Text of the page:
It’s difficult to prevent yesterday from taking over today sometimes.
About a month ago, we took a two-week family vacation. We don’t really do much traveling of late, as the kids aren’t quite old enough for that to be viable again, so this was a treat, a break from the “stay-cations” that we’ve taken over the last three years. Granted, we didn’t go anywhere exotic. Rather, we headed south to see family, and then further south…back to the city in which Karen and I met and in which I lived when I first started this blog…to spend time with old friends whom we hadn’t seen in years.
I suppose that those sorts of trips are especially prone to getting caught up in yesterdays. We made it a point to visit several of our old haunts…we ate at one of our favorite restaurants, walked downtown near some art galleries that we used to frequent, even drove by our old apartment and made a quick supply stop by the grocery store in our old neighborhood. The past comes rushing back when you make those sorts of visits, there’s just no way to avoid that experience. With that rush comes the inevitable “what-if.” What if we hadn’t left? What if we moved back? After all, we still have so many friends there. We know the area. It would be so easy to settle back into that life.
Of course, there are a thousand reasons why that would be difficult at best, unworkable at worst. Even if it were realistic, though, what’s not obvious in the theatrical fog machine in which your memory clouds itself in these moments is the fact that, even were we to do so, we wouldn’t simply reclaim our old life. I remember fondly when Karen and I went to plays, had dinner with friends on weekends, had a life before we had children. As dearly as I love my little girls, I miss that freedom…any parent does. The rhythm of our lives would be different now, the hidden evolutions of the city would take us by surprise and disrupt us in ways we wouldn’t anticipate. These are the sorts of unexpected events that experience teaches. Even with that experience, though, it’s difficult to see past nostalgia’s sleight of hand and recognize reality. Decisions made are decisions made, and a part of one’s life that is lived has been lived.
We can’t move backward. We can only move forward.
Another part of our vacation centered around giving my parents time with the grandkids. They see them far less often now than I would prefer, and I joke that I risk ex-communication if we don’t resolve this somehow, so we spent several days there.
Because our married life has been what it has been, and because we’ve moved as much as we have, I still have things in storage with my parents. For the last few years, with each visit, we intentionally cull through some of these things, and either return with some or throw some out. Often these center around old collectibles that actually aren’t so collectible any more, and other times this event turns into a deeper, and more reflective, trip in the way back machine.
This year, we delved into some memories from my undergrad days. I, like many people of my age, didn’t stay on a single track of study in college. I began my career at my alma-mater as a theatre and communications double-major. I didn’t finish that way, though. I dropped the theatre major with only 6 credit hours left, and, to this day, I’m not sure why.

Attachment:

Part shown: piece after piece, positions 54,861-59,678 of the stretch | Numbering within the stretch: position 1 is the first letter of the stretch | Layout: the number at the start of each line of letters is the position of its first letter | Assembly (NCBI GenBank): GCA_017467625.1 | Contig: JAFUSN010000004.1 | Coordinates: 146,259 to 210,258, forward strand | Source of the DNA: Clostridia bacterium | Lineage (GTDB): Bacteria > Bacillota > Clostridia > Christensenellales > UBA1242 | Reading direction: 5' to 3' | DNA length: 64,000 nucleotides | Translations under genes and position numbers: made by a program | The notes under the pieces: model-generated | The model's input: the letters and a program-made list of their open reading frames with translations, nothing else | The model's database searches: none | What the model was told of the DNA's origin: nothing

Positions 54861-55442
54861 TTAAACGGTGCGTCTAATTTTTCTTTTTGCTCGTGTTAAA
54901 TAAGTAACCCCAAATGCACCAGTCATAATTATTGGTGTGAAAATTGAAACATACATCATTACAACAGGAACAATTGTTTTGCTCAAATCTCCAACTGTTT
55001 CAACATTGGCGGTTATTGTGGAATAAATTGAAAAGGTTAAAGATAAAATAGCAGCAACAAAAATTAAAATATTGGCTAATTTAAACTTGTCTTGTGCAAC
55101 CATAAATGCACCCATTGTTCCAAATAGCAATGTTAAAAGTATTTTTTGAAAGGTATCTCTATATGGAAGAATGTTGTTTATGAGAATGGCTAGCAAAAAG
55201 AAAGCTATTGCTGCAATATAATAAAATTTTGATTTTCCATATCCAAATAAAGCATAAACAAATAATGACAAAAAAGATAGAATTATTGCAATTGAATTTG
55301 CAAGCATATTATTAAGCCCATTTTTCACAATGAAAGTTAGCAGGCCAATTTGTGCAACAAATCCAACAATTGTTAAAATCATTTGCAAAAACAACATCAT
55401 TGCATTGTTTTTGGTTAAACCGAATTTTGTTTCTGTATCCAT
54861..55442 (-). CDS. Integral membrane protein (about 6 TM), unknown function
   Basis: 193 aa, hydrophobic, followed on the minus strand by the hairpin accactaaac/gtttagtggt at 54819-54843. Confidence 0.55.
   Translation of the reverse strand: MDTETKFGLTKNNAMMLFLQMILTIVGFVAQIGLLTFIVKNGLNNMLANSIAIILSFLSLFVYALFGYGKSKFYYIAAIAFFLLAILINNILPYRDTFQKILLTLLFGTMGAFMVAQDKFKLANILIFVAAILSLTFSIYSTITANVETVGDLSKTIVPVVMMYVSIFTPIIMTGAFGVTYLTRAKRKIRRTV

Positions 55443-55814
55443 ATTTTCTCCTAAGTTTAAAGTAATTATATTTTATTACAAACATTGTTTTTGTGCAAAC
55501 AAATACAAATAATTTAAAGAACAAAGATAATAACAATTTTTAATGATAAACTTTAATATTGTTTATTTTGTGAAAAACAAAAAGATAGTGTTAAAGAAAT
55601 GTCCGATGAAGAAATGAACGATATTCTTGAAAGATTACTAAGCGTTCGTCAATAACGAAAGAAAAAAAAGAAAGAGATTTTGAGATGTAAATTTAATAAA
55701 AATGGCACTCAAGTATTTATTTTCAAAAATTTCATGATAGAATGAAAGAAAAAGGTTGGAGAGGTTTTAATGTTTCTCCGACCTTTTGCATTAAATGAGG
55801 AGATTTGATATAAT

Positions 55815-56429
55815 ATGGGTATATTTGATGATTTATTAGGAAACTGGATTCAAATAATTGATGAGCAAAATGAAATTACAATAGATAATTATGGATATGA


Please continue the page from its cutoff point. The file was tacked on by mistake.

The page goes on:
At the time, I would have claimed burnout, but that’s overly simplistic. Ultimately, I left theatre, but later came running back. The degree remains unfinished, though, a road not taken (I graduated with the communications degree, instead).
On our vacation cleanout this summer, we discovered the drafting tools that I used for scene design. Opening the case was like opening a time capsule: the drafting board, the T-square, the templates for lighting instruments and furniture items…even the compasses and measuring tools. Now, to date myself a bit, I haven’t done any scene design in a long time, but I doubt seriously that designers still break out an architect’s scale to do their work. These tools, though, captured that moment in my life, the moment that I had changed academic pursuits. I returned to theatre as a director and actor, not a designer, and so I hadn’t touched those tools since that semester, over twenty years ago. There have been very few moments in my life of genuine regret, choices that I would make differently had I the opportunity to do so. That academic change, however, is one of them.
While visiting my parents, I fell into an easy routine of the day-to-day. I was up early (I was never a morning person, but it sort of comes with parenthood), and got used to seeing a large truck leaving from across the street, carrying its driver to work every morning. The kids loved my mother’s garden (which goes on seemingly forever), and I was washed over by nostalgic recollections of parts of that back yard during my childhood, which served in my imagination as the interior of my TARDIS, and part of the grounds of the X-Mansion. I remember the unbroken white expanse of that lawn under a fresh snow. Randomly, I remembered a photo of myself in high school, right before graduation, sitting on the living room sofa and opening cards or some such. I was taken with a profound desire to re-live some of those moments.
We can’t move backward, though. We can only move forward.
As our vacation drew to a close, and we were beginning our trip back, we drove past a church in my parent’s town that had one of those garish digital signs out front. The sign read, “Don’t let yesterday take over today.” Were there a meaning to this vacation as I’ve unpacked it over the last few weeks, it’s that. I cannot go backward. That part of my life has been lived, and, I think, lived well. We can only move forward, and I hope…I pray…that, as we do, we provide that incredible foundation to our own children.